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The Overlook: A Vertical Neighborhood



Story by Liz Lyons | Photography by Jason Cantrell, Cadence Captures

Architect Josh Wright purposefully designed the Overlook for easy interaction between neighbors by providing generous balconies that are intended to act as front porches or stoops found in traditional neighborhoods. His design has worked as the residents of the Overlook have become friends as well as neighbors. “We spend a lot of time on the two large balconies. They are a huge part of why we chose this condo. We use both the front and back balconies for eating meals, socializing and exercising,” said Kathie Goldsby. The building has 10 units and the tenants will often hop from one balcony to the next. 

Tom and Kathie Goldsby moved to Knoxville in 2020 from Columbus, Ohio. They picked the Overlook based on its location. “Coming from the suburbs of Columbus, Ohio, was a big change for us, but the adjustment was easier than we imagined. Condo living downtown is so low-maintenance and easy. Downtown Knoxville has so much to offer, with everything just minutes by foot. We walk to the farmers’ market, restaurants, the Tennessee Theatre and ice cream outings with the pup. We were pleasantly surprised with how dogfriendly downtown Knoxville is. Free concerts on the World’s Fair Park lawn and Market Square pavilion have become a regular outing in the summer."

When it came to designing their home, they kept it simple. “Our open area has a minimalist feel, by choice. We like clean lines and smooth surfaces. The large wall with a high ceiling just screamed for a massive pop of color. This was solved by befriending and hiring local artist, Heather Whiteside. She created a massive canvas triptych that is the river view from our back balcony. Having a local artist work with us was special, as she even included us walking our dog in one of the panels.” The Goldsbys have truly embraced city living in their little corner of downtown. “Our architects who also live in the building, Josh and Jessica Wright, embrace the idea of the vertical neighborhood. We love that the building is small enough that we all know each other. There is a strong sense of community in the building and along the 600 block of W. Hill. We look out for one another.”

Bill and Gay Lyons had a shorter move to the Overlook. The couple had been living at Kendrick Place since 2004. “We bought what we refer to as our 'starter condo' at Kendrick Place, it was a pied a terre. We loved 'vacationing' downtown from our home in West Hills. We loved the sense of community. It was a real neighborhood. Downtown was smaller in those days: fewer people, fewer places to go. We made so many friends and developed friendships that remain and still mean so much,” said Gay. Bill added, “I especially like the ability to walk to work, to go out to eat or just to people watch.” The couple ended up living in two separate condos in Kendrick Place before discovering the Overlook. “We were not going to leave Kendrick Place until we found a place we loved as much or more. Kendrick Place was my dream, and Bill loved it, too, but when we visited friends in places like the Holston Building, he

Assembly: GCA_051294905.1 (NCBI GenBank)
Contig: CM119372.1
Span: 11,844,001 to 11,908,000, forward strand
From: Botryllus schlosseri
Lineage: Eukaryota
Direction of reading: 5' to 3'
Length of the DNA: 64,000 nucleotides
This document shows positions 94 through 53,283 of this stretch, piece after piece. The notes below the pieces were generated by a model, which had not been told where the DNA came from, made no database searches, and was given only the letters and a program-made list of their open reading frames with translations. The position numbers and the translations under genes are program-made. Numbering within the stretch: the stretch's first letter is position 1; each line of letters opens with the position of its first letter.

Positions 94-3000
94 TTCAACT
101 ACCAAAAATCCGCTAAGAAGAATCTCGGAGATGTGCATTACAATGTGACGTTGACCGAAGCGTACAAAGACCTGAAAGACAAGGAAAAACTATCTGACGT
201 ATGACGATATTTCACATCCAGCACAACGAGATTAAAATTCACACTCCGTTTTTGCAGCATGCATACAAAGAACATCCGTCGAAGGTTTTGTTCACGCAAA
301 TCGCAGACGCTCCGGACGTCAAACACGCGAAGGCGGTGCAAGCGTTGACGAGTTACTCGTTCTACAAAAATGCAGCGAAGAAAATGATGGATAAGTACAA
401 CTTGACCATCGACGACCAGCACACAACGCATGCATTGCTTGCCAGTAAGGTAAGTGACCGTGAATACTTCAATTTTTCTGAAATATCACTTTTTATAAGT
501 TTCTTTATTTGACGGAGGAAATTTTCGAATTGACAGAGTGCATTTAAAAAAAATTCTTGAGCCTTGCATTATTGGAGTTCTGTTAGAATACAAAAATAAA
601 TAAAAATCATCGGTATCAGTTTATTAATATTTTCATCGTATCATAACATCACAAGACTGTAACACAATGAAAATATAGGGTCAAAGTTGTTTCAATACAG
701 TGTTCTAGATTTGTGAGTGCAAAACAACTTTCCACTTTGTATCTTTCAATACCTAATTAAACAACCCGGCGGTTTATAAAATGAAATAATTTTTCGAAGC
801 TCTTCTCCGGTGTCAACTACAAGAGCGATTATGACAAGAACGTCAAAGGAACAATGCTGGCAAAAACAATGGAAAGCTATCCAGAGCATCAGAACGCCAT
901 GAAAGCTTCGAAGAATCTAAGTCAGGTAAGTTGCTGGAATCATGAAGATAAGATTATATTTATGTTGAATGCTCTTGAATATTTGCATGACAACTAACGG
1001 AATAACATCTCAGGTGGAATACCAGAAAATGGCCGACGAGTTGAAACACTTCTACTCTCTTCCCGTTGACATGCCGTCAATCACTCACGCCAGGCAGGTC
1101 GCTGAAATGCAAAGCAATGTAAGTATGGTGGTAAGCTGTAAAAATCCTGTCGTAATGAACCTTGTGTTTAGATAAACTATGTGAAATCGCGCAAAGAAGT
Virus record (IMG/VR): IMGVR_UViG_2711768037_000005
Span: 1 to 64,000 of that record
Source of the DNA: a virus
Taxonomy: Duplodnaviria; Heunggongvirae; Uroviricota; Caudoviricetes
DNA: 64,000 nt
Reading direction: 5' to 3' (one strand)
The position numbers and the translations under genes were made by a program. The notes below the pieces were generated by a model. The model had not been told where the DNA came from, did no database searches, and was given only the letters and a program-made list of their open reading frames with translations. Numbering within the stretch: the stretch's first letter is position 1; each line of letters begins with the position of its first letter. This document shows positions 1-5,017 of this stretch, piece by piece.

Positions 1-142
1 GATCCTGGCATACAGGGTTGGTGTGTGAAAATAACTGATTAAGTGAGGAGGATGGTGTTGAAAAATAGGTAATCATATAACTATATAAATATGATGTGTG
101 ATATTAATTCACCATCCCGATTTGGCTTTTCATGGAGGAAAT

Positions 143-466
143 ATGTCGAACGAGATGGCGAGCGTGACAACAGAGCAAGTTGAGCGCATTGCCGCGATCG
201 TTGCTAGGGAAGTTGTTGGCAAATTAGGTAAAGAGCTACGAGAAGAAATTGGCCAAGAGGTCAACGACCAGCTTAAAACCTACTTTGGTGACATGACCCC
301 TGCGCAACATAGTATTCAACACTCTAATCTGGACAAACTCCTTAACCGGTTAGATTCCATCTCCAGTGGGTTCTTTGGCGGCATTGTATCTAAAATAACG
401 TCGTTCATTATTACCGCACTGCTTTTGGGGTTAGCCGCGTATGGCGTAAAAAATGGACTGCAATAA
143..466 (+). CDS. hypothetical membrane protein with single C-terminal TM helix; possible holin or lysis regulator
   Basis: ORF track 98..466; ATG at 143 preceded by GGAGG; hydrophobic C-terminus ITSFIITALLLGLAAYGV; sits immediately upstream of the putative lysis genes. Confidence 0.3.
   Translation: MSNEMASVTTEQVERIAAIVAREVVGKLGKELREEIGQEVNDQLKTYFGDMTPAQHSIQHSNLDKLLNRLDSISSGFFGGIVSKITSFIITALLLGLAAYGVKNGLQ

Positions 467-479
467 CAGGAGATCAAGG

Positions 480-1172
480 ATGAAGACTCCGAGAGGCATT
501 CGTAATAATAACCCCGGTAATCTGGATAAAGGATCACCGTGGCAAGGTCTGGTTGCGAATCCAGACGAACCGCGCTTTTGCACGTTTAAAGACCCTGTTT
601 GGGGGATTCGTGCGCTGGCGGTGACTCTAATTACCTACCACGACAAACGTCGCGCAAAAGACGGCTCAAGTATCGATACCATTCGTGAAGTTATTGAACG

loved the views. The Overlook was the first place that checked all our boxes. And Bill got his views.”

“We made a down payment before ground was broken, based on renderings. We are the only ones who chose a galley kitchen. Open floor plans are popular, but I like walls. I think it’s good to have some division of space. Walls are also handy for shelves and art. The galley kitchen allowed us to have an 'extra' wall between the kitchen and the living/dining room. We used that wall for a custom built-in that provided cabinet storage for cooking equipment, open shelves for books and pottery, and a space for Bill’s big screen tv.” The Lyons family have made several moves downtown, but they are in agreement that this one has been truly made their own. “Our home at The Overlook is colorful, but neutral. The walls, finishes, floors, furniture and fabrics are gray, cream, white and black.

The color comes from the paintings, sculptures, prints, books, pottery and rugs. If we moved out, the space would be a blank slate. We love that so many of our paintings, prints, pottery and sculptures were created by people we know. There’s a section in our bookcases reserved for books authored by people we know. I think because we’ve been through two downsizes and have only held onto things that are meaningful to us, it’s our most personal home. Everything in our home has a story.”

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